The Queen appears in an aspect ratio of approximately 1.85:1 on this Blu-ray Disc. A release from the format’s relatively early days, the Blu-ray looked subpar.
Some of the concerns stemmed from definition. Sharpness usually seemed good, but more than a few exceptions occurred, as some shots came across as a bit soft and without great clarity.
Edge haloes created some distractions. These weren’t especially heavy, but they seemed more noticeable than I’d like. A few small specks popped up, and the movie took on a somewhat harsh “digital” feel much of the time.
In terms of colors, The Queen went with a decidedly low-key presentation. The hues tended to seem somewhat pale and a little blown-out, though they manifested acceptable delineation at times. Much of this stemmed from the visual design, though even when I factored that into my opinion, the tones tended to be a bit less vivid than anticipated.
Blacks were somewhat inky, and shadows were fairly clear, though a few shots appeared too dense. I thought this was a decidedly lackluster presentation.
Given the chatty nature of the flick, I didn’t anticipate a lively Uncompressed PCM 5.1 soundfield, and the movie delivered the expected subdued affair. Dialogue and score dominated the mix, with effects in a passive role.
Those offered a moderate sense of atmosphere without much on display. A couple of scenes – like the recreation of the chase through the streets of Paris – opened up a bit more, but usually the music became the main element in spots other than the center speaker. This was fine for the material, though it didn’t make for a memorable impression.
Audio quality was perfectly satisfactory. Speech sounded distinctive and concise, with no problems connected to the lines.
Effects didn’t challenge my system, but they seemed appropriately full and well-defined given their low-key parameters. Music was rich and lush throughout the flick, as the score appeared well-rendered. This was an appropriate mix for a character-driven flick.
How did the Blu-ray compare to the original DVD? Audio seemed a little warmer and fuller, while visuals appeared a bit tighter and smoother. The benefits of the format meant the Blu-ray beat the DVD, but it did so by a fairly small margin.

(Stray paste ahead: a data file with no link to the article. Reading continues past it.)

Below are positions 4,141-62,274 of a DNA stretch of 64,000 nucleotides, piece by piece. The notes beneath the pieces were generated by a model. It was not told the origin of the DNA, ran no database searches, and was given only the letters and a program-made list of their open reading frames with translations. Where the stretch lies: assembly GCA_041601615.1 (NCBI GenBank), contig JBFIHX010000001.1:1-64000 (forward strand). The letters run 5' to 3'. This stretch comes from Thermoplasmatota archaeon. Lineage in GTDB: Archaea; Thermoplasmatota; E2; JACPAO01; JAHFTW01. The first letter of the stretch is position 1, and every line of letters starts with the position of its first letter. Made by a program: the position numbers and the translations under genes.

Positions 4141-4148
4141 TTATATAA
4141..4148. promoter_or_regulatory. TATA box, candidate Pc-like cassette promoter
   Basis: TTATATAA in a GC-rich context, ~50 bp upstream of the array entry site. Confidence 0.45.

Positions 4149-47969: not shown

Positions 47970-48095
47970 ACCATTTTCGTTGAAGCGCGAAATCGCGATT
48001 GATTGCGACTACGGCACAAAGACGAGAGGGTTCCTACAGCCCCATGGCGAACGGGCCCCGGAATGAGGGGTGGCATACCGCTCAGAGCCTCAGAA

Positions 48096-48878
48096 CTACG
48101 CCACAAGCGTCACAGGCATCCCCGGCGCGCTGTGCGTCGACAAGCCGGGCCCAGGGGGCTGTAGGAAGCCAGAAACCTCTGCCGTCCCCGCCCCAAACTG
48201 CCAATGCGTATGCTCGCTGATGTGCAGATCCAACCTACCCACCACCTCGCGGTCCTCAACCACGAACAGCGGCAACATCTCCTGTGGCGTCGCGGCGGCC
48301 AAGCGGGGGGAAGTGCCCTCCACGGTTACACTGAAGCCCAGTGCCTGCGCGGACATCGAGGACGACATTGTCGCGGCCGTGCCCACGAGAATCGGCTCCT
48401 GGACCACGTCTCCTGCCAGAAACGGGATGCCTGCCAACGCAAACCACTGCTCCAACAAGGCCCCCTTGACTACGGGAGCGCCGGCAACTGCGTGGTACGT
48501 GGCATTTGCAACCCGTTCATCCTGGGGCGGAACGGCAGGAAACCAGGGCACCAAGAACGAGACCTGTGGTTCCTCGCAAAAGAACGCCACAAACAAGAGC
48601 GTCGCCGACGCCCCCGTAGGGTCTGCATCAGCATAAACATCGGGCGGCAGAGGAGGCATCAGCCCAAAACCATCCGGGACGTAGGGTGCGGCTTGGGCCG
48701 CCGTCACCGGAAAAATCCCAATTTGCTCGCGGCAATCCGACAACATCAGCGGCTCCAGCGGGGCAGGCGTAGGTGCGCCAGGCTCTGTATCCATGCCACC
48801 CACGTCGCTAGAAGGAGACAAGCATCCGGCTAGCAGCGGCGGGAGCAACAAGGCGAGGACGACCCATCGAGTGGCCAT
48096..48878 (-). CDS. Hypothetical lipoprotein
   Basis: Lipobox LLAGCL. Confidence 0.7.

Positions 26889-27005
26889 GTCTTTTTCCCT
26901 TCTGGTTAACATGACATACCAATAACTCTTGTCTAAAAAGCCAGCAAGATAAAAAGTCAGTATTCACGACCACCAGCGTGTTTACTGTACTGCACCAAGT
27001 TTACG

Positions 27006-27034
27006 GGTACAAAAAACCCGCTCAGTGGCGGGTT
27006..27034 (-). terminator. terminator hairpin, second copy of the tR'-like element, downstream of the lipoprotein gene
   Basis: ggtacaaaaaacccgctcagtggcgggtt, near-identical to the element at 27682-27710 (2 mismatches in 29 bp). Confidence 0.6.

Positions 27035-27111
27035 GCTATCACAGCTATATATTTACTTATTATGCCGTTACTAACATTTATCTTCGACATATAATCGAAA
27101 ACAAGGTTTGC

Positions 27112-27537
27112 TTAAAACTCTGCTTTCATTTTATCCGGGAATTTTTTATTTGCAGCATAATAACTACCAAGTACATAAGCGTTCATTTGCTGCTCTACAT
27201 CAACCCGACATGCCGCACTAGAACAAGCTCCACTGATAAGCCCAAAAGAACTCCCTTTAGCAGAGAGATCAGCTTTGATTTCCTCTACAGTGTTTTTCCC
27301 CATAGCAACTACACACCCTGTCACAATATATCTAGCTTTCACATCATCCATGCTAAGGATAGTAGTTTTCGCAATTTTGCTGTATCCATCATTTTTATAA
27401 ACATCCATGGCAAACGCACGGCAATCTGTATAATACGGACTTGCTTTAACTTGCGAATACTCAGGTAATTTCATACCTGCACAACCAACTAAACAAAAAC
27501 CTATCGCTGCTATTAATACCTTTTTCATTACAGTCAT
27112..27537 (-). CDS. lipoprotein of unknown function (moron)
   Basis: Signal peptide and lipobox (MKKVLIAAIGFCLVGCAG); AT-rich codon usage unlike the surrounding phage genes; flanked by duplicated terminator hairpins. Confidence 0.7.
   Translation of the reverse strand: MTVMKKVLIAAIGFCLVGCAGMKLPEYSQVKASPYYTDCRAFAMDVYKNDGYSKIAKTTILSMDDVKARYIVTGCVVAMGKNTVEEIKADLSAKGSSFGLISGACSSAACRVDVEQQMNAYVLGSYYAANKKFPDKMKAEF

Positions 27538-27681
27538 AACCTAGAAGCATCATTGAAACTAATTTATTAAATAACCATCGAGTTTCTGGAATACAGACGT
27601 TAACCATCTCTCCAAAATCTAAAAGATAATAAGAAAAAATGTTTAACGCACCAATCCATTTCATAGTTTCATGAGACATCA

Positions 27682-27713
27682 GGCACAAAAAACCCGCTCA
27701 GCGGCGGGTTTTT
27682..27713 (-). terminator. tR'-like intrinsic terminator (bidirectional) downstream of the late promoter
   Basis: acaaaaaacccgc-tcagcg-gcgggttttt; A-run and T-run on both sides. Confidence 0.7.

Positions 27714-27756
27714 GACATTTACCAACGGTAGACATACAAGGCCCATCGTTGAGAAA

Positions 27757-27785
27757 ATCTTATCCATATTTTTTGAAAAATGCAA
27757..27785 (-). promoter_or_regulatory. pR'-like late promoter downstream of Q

The Blu-ray repeats the DVD’s extras, and it includes two separate audio commentaries. The first comes from director Stephen Frears and writer Peter Morgan.
Both sit together for this running, screen-specific track – this very screen-specific track, I might add. The men chat about the script and changes made for the final flick, sets and locations, research, facts and liberties, and a few general production topics.
Don’t anticipate a great amount of insight during this fairly slow-paced chat. We get a fair amount of dead air, and the remarks tend to be superficial.
These don’t give us a particularly good look at the flick, as the commentary fails to cover the production in a rich manner. A few decent facts emerge along with a smattering of amusingly acerbic remarks, but overall, the commentary doesn’t tell us much.
For the second track, we hear from British historian and royal expert Robert Lacey. He also offers a running, screen-specific discussion.
Lacey looks at facts and liberties in the movie. He gets into research, background for some elements, and issues that impacted the production. Since he also worked as a consultant on The Queen, he can throw in his perspective on his involvement as well.
Lacey’s chat seems more satisfying than the first one. He tells us a lot of notes that prove useful for those of us without much knowledge of the royals, and he offers a decent glimpse of some production issues as well. This isn’t a great piece, but it’s informative and enjoyable.
The Making of The Queen lasts 19 minutes, 30 seconds and gives us remarks from Frears, Morgan, producer Andy Harries, production designer Alan MacDonald, costume designer Consolata Boyle, and actors Helen Mirren, Michael Sheen, James Cromwell, Alex Jennings, Roger Allam and Sylvia Syms. The program looks at cast and performances, set and costume design, and thoughts about the film’s subject matter.
Though “Making” doesn’t provide a remotely comprehensive view of the production, it does offer some nice details. I especially like the aspects that look at the actors and their work.
We get good notes about the challenges they faced and how they reacted. This turns into a surprisingly tight and useful program.
The disc opens with ads for Invincible, The Guardian, The Prestige and Déjŕ Vu. No trailer for Queen appears here, but we do get Movie Showcase, a pointless form of chapter search.
My favorite of the 2006 Oscar nominees, The Queen gives us a revealing and insightful look at recent history. We get a good feel for the inside perspective of these events and find a consistently interesting and intriguing take on the participants. The Blu-ray offers mediocre picture with acceptable audio and a few supplements. As much as I like the movie, I don’t feel impressed by this drab Blu-ray.
To rate this film, visit the DVD review of THE QUEEN